A Discourse of the Power of Devils


Women and fools fear in the dark to be,
Lest they2 the Devil in some shape should see.
As if, like silly owls, he takes3 delight
To sleep all day, and go4 abroad at Night,
To beat the pots and pans, candles5 blow out,                      5
And all the night to6 keep a revel-rout,
To7 make the sow to grunt, the pigs to squeak,
The dogs to bark, cats mew as if they speak.
Alas, poor Devil, whose power is8 small,
Only to make a cat or dog to bawl,                                          10
To make with pewter, tin, and brass9 a noise,
To stew with fearful sweat poor girls and boys.
Why should we fear him, since he doth no harm?
For we may bind him fast within a charm.
Then what a devil ails a woman old,                                      15
To play such tricks whereby her soul is sold?10
Can he destroy mankind, or new worlds make,
Or alter states for an old woman’s sake?
Or put daylight out,11 or stop the sun,
Or make12 the planets from their course to run?                 20
And yet methinks ’tis odd, and very strange,
That since the Devil13 cannot bodies change
He should have14 power over souls, to draw
Them from their God, and from his holy law,
Persuading conscience to do more ill,                                    25
Than the sweet grace of God to rule the will,
To cut off faith, by which our souls should climb
To make us leave our folly and our15 crime,
Destroying honesty, disgracing truth,
When he can16 neither make old age, nor youth.                30
He cannot add nor make17 a minute short,
Yet many souls he keeps18 from Heaven’s court.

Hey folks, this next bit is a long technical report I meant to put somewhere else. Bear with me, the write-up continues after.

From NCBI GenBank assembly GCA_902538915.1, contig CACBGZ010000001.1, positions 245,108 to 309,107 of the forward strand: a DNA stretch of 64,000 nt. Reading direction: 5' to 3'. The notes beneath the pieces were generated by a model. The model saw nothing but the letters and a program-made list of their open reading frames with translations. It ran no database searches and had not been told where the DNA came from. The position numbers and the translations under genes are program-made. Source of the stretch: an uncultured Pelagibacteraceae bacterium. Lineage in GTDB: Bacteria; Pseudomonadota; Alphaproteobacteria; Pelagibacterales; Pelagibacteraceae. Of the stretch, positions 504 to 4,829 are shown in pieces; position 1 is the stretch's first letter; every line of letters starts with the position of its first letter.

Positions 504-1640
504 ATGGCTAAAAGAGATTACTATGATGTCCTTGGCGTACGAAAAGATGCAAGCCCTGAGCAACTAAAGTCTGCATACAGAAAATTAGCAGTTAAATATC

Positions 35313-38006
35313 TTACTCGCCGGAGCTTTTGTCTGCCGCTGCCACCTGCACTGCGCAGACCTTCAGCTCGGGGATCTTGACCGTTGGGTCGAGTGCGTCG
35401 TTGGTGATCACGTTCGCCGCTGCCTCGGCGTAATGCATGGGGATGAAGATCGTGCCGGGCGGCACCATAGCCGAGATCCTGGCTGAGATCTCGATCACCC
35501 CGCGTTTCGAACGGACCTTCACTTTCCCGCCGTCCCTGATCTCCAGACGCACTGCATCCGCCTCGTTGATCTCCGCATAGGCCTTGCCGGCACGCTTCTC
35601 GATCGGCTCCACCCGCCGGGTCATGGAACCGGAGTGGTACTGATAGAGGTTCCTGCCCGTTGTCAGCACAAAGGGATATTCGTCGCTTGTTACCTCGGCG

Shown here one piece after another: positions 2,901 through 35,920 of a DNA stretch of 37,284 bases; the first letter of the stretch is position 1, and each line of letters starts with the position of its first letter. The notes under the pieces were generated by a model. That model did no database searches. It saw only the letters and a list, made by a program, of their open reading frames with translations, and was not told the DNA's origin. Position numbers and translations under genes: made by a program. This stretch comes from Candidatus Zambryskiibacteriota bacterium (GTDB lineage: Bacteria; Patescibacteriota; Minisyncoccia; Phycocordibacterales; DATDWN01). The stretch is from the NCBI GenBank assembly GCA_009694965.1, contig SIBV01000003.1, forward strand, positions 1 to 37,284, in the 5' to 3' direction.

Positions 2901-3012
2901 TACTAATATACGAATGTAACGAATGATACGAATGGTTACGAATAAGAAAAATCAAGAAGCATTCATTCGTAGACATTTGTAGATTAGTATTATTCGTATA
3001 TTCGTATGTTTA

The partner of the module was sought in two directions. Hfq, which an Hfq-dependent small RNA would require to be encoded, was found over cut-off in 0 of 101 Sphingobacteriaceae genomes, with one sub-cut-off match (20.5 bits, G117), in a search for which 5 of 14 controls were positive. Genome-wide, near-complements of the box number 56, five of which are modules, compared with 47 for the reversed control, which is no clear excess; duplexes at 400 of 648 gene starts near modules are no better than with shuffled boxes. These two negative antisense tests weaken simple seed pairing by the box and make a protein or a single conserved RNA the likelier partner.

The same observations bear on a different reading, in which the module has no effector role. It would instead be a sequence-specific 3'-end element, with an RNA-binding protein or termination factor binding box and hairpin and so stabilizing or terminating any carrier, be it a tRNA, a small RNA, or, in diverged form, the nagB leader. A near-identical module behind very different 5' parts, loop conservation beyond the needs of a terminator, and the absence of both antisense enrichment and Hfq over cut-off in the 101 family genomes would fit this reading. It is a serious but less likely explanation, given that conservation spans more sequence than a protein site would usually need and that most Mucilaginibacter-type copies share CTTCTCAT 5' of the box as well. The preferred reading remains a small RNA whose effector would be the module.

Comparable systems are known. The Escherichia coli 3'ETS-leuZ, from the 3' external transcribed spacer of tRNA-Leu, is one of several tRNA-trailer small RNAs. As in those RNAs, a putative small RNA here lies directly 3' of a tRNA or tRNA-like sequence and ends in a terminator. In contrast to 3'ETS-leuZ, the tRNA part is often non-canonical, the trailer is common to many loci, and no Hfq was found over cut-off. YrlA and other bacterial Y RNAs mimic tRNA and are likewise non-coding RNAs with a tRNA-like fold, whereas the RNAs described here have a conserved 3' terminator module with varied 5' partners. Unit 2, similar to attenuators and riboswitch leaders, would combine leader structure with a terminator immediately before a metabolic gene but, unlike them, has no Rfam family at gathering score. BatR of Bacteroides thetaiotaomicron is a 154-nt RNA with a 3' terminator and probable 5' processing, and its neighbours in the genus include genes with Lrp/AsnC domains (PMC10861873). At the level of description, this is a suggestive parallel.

It seems his power shall for ever last,
Because ’tis over souls19 which never waste.
And thus hath God the Devil power lent                               35
To punish man, unless he doth repent.

  1. Power of Devils] Devils Power. 1664; Devil’s Power. 1668
  2. Lest they] They think 1653
  3. takes] took 1664, 1668
  4. and go] then goes 1653
  5. To beat the pots and pans, candles] Beat Pots and Pans, and Candles do 1664, 1668
  6. to] do 1664, 1668
  7. To] Do 1664, 1668
  8. Devil, whose power is] Devil, his Power is but 1664; Devil! his Pow’r is but 1668
  9. To make with pewter, tin, and brass] And with the Peuter, Brasse to make 1653
  10. whereby her soul is sold?] to give away her Soule? 1653
  11. Or put daylight out,] Can he the Day benight, 1664; Can he the Day be-night, 1668
  12. make] change 1653
  13. Devil] Devils 1653
  14. He should have] Should have such 1653
  15. To make us leave our folly and our] On high, and leave all Folly and all 1664; On High, and leave all Folly, and all 1668
  16. When he can] Yet can He 1653
  17. He cannot add nor make] Nor can he add, or take 1653
  18. Yet many souls he keeps] And yet keep many Souls 1664; And yet, keep many Souls 1668
  19. over souls] on the Soule, 1653